comScore just released its monthly mobile numbers, which charts smartphone usage from U.S. consumers for the three month period ending in December 2011. For the period, 234 million Americans age 13 and older used mobile devices, which is in line with the previous period’s usage. With respect to smartphone usage, 97.9 million (up from 91.4 million people in the previous period) people in the U.S. used smartphones during the three months ending in December, representing 40 percent of all mobile subscribers.
Google Android continued to be the most popular smartphone platform with 47.3 percent market share, up 2.5 percentage points from September. Apple took the second position, growing 2.2 percentage points to grab 29.6 percent of the smartphone market. RIM ranked third with 16 percent share, followed by Microsoft (4.7 percent) and Symbian (1.4 percent).
Samsung ranked as the top OEM with 25.3 percent of U.S. mobile subscribers (no change from September), followed by LG with 20 percent share and Motorola with 13.3 percent share. Apple has 12.4 percent share of total mobile subscribers (up 2.2 percentage points), while RIM following with 6.7 percent share.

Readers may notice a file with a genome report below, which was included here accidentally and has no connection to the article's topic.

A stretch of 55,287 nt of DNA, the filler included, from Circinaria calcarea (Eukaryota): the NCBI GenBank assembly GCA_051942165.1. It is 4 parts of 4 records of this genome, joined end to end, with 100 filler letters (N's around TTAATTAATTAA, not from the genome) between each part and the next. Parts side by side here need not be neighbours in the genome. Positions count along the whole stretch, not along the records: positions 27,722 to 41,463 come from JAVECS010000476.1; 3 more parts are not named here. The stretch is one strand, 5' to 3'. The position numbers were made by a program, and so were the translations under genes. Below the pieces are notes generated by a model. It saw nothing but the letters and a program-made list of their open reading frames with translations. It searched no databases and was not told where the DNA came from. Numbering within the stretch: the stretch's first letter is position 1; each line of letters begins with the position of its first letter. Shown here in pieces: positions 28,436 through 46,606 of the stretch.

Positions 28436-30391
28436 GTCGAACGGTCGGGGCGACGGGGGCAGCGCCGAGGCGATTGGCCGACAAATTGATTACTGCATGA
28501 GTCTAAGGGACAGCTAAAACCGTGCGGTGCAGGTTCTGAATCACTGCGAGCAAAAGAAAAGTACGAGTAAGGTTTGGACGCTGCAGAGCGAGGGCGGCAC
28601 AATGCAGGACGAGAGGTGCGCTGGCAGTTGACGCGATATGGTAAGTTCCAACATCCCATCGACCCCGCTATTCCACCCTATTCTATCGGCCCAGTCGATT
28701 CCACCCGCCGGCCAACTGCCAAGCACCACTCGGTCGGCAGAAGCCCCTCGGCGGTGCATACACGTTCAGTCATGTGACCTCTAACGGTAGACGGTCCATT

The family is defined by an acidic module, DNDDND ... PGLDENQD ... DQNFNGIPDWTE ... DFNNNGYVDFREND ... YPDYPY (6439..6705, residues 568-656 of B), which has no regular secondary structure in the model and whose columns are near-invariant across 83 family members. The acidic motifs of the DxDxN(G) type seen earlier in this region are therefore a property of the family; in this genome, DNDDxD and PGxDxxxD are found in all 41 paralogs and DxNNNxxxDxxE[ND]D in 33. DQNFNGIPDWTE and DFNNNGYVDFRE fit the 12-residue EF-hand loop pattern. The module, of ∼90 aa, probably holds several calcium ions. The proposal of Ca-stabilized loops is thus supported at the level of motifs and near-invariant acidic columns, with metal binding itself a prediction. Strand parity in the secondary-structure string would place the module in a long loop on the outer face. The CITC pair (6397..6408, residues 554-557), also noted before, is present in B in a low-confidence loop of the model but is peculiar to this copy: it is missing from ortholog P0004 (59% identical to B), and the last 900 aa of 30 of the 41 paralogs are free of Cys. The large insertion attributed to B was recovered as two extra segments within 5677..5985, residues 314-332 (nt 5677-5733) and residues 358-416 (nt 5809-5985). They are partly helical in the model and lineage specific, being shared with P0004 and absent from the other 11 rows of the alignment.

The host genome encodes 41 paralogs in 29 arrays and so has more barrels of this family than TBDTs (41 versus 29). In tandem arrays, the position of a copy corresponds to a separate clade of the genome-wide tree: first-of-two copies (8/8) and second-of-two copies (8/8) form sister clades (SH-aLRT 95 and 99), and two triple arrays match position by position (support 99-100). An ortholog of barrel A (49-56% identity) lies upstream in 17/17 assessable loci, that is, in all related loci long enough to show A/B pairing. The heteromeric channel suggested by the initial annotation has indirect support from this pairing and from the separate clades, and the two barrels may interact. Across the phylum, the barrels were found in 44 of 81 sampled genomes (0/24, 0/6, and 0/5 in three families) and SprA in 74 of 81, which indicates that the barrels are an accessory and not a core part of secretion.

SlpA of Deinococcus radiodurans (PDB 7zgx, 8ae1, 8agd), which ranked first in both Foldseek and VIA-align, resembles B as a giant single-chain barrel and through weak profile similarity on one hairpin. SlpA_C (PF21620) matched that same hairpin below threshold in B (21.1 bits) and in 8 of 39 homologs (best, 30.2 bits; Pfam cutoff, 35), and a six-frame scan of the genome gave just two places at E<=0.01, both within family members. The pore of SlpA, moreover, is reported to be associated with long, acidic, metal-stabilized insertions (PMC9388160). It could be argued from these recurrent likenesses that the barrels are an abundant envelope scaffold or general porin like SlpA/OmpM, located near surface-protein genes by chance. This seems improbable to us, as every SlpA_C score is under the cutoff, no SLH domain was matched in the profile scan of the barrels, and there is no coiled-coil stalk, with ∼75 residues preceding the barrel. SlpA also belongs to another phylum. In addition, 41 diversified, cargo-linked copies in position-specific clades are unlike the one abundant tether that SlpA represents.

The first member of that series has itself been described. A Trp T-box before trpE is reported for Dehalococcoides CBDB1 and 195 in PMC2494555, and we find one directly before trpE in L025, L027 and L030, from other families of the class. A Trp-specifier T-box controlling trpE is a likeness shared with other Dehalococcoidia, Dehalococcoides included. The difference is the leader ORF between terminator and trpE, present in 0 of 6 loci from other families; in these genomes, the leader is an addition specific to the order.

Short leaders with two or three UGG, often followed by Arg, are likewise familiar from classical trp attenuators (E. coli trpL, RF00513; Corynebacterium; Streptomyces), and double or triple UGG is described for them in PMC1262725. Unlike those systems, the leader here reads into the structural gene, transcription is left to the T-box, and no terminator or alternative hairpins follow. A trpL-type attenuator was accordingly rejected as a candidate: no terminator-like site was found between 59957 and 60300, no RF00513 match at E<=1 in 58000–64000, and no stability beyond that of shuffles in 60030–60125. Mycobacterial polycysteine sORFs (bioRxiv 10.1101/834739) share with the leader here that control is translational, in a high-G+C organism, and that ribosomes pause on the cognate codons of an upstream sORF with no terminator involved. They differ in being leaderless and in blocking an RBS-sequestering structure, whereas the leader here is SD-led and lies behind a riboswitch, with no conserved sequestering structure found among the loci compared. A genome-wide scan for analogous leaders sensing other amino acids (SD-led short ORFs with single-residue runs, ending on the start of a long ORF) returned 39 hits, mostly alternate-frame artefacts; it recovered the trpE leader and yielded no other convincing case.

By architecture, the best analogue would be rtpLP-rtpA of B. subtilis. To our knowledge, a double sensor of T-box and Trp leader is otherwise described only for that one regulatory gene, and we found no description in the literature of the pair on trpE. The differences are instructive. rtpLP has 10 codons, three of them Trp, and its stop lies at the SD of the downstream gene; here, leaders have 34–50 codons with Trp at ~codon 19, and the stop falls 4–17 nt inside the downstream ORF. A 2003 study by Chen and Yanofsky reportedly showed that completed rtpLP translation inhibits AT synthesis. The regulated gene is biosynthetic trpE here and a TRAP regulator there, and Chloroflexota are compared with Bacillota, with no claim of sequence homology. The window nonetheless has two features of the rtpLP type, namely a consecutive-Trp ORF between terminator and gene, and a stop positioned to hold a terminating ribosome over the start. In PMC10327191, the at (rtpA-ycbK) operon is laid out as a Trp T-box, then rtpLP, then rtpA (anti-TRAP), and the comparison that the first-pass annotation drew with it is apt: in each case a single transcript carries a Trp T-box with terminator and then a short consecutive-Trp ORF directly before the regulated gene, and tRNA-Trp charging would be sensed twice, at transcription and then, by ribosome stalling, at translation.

As mobile phone usage increases and smartphone adoption grows, more and more consumers are actually using their mobile for functions other than phone calls. In December, 74.3 percent of U.S. mobile subscribers used text messaging on their mobile device; ownloaded applications were used by 47.6 percent of subscribers (up 5.1 percentage points), while browsers were used by 47.5 percent (up 4.6 percentage points). Accessing of social networking sites or blogs increased 3.8 percentage points to 35.3 percent of mobile subscribers. Game-playing was done by 31.4 percent of the mobile audience (up 2.6 percentage points), while 23.8 percent listened to music on their phones (up 2.9 percentage points).
Google just revealed in its fourth quarter earnings, Android has been activated on over 250 million devices, up 50 million since November of last year. But iOS is growing as well. Nielsen reported recently new smartphone buyers are more interested in the iPhone (particularly the 4S) vs. Android phones.
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